Globus automation services provide secure and reliable task orchestration across a set of heterogeneous resources at scale. These services can be used to automate tasks as simple as replicating data across multiple storage systems, or as intricate as managing multiple conditional data analysis and results distribution tasks, with optional human intervention where needed for say review and confirmation. Globus automation services include the Flows API, which enables composition and deployment of task pipelines called flows, and action providers, which provide functionality for each step of the flow.

The Globus automation overview provides a detailed guide to the ecosystem that delivers these capabilities.


1. Running Flows

When a user starts a flow, it is called a flow run, or simply a run. Users may search for flows to run, provide input parameters, and start a run. Once a run has started, users can monitor and manage the run, including view the status, cancel, and grant permission to others to manage or monitor the run.

How to Start a Run and How to Monitor a Run provide step-by-step instructions for using the Globus Web App to start and monitor runs.

A command line interface is also available to start runs, and monitor them. Runs can also be started automatically using the CLI, including triggering the start of a flow based on file system events. Some examples of starting runs automatically are provided.

Globus provides a couple flows that you can run by using the Globus Web App:

2. Creating Flows

Flows are a series of tasks that are executed in a specified order. The Globus Flows service provides managed and reliable execution of flows. Users may define their own flows and allow other users or groups to see, run, or manage these flows. Globus Auth and Groups services are used for authentication and authorization in Flows.

Each task, or step, in the flow calls an action provider, which can act on a resource in either Globus services or externally managed services. An action provider implements a single task, which users then reference in a flow as a step to create resilient automation pipelines. Several Globus capabilities, including data transfer and permission management, are implemented as Globus-provided action providers and are available for use. Action providers double as a powerful extension point, allowing users to define and run their own custom action providers to expand the set of tools that can be leveraged in flows.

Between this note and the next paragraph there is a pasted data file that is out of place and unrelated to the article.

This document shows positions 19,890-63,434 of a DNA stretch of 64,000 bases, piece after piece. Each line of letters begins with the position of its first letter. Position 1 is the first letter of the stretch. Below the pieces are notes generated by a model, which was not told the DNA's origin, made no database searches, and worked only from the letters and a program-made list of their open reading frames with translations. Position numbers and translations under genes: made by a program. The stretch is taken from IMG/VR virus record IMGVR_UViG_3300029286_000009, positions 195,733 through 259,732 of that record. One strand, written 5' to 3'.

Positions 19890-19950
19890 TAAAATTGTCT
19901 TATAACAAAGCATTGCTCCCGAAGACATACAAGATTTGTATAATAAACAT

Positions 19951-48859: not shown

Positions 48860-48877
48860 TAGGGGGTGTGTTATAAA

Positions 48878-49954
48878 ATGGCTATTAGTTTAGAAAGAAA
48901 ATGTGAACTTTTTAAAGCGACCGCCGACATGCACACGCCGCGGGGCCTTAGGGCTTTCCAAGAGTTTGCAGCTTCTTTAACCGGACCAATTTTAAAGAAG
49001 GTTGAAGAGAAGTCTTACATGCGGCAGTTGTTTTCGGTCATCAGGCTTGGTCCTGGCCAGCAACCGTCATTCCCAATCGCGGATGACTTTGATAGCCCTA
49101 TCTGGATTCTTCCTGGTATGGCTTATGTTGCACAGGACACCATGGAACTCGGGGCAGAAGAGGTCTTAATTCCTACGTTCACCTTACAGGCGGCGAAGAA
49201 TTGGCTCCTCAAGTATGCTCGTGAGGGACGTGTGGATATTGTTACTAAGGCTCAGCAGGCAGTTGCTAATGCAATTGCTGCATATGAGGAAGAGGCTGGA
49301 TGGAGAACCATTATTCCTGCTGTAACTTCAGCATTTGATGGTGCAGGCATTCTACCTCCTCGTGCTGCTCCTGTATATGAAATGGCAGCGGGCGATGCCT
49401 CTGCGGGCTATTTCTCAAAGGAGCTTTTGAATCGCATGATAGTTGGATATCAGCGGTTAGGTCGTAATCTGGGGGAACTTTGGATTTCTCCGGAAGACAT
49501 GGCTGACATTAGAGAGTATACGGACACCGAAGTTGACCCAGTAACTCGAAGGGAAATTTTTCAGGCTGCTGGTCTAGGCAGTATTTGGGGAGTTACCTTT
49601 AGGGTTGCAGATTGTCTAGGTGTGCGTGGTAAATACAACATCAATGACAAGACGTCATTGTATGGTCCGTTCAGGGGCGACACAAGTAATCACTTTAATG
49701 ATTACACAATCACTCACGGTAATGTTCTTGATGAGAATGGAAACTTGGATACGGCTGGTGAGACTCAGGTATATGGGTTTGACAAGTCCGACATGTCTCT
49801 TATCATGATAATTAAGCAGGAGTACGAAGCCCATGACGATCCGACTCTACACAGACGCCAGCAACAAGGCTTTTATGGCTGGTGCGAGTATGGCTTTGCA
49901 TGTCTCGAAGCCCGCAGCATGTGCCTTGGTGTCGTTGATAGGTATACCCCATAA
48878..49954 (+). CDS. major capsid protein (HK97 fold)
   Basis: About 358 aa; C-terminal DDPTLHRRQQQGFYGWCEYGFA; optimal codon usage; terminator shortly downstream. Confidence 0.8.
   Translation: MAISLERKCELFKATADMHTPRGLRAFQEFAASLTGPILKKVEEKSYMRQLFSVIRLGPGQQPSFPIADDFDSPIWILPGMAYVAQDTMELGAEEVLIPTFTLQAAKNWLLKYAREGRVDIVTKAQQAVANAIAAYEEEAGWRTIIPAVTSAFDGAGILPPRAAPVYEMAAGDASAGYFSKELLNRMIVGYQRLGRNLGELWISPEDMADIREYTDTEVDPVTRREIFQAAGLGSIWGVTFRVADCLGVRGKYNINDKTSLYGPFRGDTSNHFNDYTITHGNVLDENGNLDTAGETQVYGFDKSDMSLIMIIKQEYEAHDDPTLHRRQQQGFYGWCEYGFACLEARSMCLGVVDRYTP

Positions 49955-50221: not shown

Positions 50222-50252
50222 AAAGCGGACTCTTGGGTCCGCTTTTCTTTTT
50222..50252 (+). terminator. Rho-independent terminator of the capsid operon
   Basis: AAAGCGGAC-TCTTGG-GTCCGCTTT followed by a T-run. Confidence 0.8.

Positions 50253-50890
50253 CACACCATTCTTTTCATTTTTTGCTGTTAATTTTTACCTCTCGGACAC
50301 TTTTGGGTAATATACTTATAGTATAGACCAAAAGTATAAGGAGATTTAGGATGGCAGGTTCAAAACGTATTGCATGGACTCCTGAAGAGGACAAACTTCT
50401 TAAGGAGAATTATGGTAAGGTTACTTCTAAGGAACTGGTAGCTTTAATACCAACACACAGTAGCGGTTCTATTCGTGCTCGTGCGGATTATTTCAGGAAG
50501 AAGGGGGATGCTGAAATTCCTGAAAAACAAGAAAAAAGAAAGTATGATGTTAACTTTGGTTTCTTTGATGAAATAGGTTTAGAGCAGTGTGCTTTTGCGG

A flow is written in two parts: A flow definition, which defines the steps in a flow and the logic between them, and an input schema, which defines the structure of the input parameters for a run of a flow. Both the flow definition and the input schema are written in either JSON or YAML. Once the flow definition and input schema are written, the flow is registered with Globus using the flow deploy command of the Automate CLI. After a flow is deployed, the CLI or Globus Web App can be used to manage the flow and assign roles to the flow to determine who can see, run, or manage the flow.

How to Create a Flow gives an overview of using the Automate CLI to create, deploy, and manage a flow. We provide example flow definitions to demonstrate some simple operations that can be used as initial templates for developing flows. Our flow authoring guide provides a detailed description of how to write a flow definition and input schema.

4. Creating Action Providers

In addition to Globus-provided action providers, you can create custom action providers to incorporate other applications and capabilities into flows. For example, if you have developed a service to perform a domain-specific analysis, you can create an action provider that allows you and others to apply that analysis as an action in a Globus flow.

Globus Action Provider Tools provide a Python library for implementing custom action providers for use in Globus Flows.

5. Tutorial Resources

You can immediately start experimenting with creating and running a simple flow to move and share data using our Jupyter notebook, or watch an overview of automating instrument data handling or a tutorial on building and running your own flows.

6. CLI, SDK, and APIs

We provide a Python SDK and a command line interface as part of our client tools for use with Globus Flows and the action provider API.

7. Mailing List

Release updates, feature announcements, and discussions for all Globys services take place on the Globus Discuss mailing list: discuss@globus.org

If you have any questions, please contact support@globus.org.